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AAMI TIR18

Guidance on electromagnetic compatibility of medical devices in healthcare facilities

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Organization: AAMI
Publication Date: 1 January 2010
Status: active
Page Count: 78
scope:

Introduction and scope

Because the performance of electronic medical devices can be disrupted by electromagnetic (EM) energy, patient safety can potentially be put at increased risk because of the effects of electromagnetic interference (EMI). EMI is caused by an EM disturbance, which can be in the form of radiated disturbance (radio waves propagating through the air); conducted disturbance (radio waves induced on power or signal wires); AC power-line transients, surges, sags, and dropouts; and electrostatic discharge (ESD). Radiofrequency (RF) sources that emit various EM disturbances have proliferated in modern society, including healthcare facilities, creating the potential for EMI with electronic medical devices. Sources of EM disturbance include any product or device that uses electricity or can carry an electrical charge. Systems that can emit EM disturbances include, but are not limited to, the following:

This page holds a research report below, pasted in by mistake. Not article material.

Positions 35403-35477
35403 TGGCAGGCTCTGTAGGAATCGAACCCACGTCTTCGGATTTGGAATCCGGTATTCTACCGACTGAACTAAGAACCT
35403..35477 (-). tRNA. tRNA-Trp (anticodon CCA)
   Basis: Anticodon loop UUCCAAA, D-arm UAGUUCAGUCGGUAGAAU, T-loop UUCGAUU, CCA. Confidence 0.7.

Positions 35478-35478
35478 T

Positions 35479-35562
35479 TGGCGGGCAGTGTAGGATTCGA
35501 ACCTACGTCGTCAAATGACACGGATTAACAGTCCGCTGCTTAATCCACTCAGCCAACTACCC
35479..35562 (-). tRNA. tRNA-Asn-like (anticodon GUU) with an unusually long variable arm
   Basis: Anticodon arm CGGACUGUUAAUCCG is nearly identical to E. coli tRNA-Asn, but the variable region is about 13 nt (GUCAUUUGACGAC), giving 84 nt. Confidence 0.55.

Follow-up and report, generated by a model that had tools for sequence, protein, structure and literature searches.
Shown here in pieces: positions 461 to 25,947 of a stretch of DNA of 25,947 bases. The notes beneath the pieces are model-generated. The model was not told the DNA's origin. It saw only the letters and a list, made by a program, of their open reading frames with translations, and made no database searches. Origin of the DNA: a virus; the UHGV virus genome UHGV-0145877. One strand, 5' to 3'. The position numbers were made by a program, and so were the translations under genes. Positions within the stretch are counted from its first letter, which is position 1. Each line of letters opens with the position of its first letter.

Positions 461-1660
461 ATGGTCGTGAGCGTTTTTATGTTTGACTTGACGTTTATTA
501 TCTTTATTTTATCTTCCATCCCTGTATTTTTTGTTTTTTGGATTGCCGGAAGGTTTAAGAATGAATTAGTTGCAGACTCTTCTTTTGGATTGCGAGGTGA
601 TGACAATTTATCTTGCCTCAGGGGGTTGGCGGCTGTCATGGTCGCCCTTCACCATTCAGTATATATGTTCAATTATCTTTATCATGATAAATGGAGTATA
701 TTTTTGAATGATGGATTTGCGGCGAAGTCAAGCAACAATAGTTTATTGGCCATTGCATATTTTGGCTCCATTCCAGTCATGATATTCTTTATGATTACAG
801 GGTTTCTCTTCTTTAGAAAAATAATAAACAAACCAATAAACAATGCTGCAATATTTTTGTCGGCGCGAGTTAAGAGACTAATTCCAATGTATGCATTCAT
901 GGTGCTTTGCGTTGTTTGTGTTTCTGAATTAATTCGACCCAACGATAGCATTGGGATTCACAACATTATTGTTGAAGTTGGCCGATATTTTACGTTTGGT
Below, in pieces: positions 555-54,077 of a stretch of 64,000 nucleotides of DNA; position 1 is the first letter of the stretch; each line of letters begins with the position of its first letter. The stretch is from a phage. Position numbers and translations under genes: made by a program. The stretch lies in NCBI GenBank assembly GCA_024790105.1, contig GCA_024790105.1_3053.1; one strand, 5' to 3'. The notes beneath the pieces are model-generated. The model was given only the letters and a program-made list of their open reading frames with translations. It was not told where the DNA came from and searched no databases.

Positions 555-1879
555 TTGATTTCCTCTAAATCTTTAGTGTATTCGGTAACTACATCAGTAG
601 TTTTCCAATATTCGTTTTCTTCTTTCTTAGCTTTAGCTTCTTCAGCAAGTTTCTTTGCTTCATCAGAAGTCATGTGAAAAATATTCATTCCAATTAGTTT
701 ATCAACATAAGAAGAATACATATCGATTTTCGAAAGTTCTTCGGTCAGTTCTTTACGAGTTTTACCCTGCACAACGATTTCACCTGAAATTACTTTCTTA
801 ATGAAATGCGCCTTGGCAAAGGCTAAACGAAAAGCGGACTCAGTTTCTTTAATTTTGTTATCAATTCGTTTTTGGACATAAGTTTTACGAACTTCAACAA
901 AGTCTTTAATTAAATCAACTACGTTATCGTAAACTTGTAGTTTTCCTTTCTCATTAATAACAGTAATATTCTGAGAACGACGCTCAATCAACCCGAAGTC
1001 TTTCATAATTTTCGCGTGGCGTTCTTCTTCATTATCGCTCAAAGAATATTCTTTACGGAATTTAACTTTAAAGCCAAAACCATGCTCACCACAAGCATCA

a) Cellular telephones and other wireless communication devices

b) Two-way radios

c) Wireless barcode systems

d) Radiofrequency identification (RFID) systems

e) Security systems

f) Fire alarm systems

g) Nurse call systems

h) Heating, ventilation and air-conditioning (HVAC) systems

i) Motor controllers, including elevators and copiers

j) Medical devices

Concerns arise because the EM disturbance exposure might exceed the immunity designed into medical devices and systems and because some electronic medical devices currently in use have not been tested for immunity to EM disturbances. The risks faced by even those devices that comply with EMC standards seem to be increasing as the number of radio transmitter sources, including RF wireless technology, is dramatically increasing within and outside healthcare facilities. Numerous EMI incidents have been reported in the literature.

Document History

AAMI TIR18
January 1, 2010
Guidance on electromagnetic compatibility of medical devices in healthcare facilities
Introduction and scope Because the performance of electronic medical devices can be disrupted by electromagnetic (EM) energy, patient safety can potentially be put at increased risk because of the...
January 1, 1997
Guidance on Electromagnetic Compatibility of Medical Devices for Clinical/Biomedical Engineers - Part 1: Radiated Radio-Frequency Electromagnetic Energy
A description is not available for this item.

References

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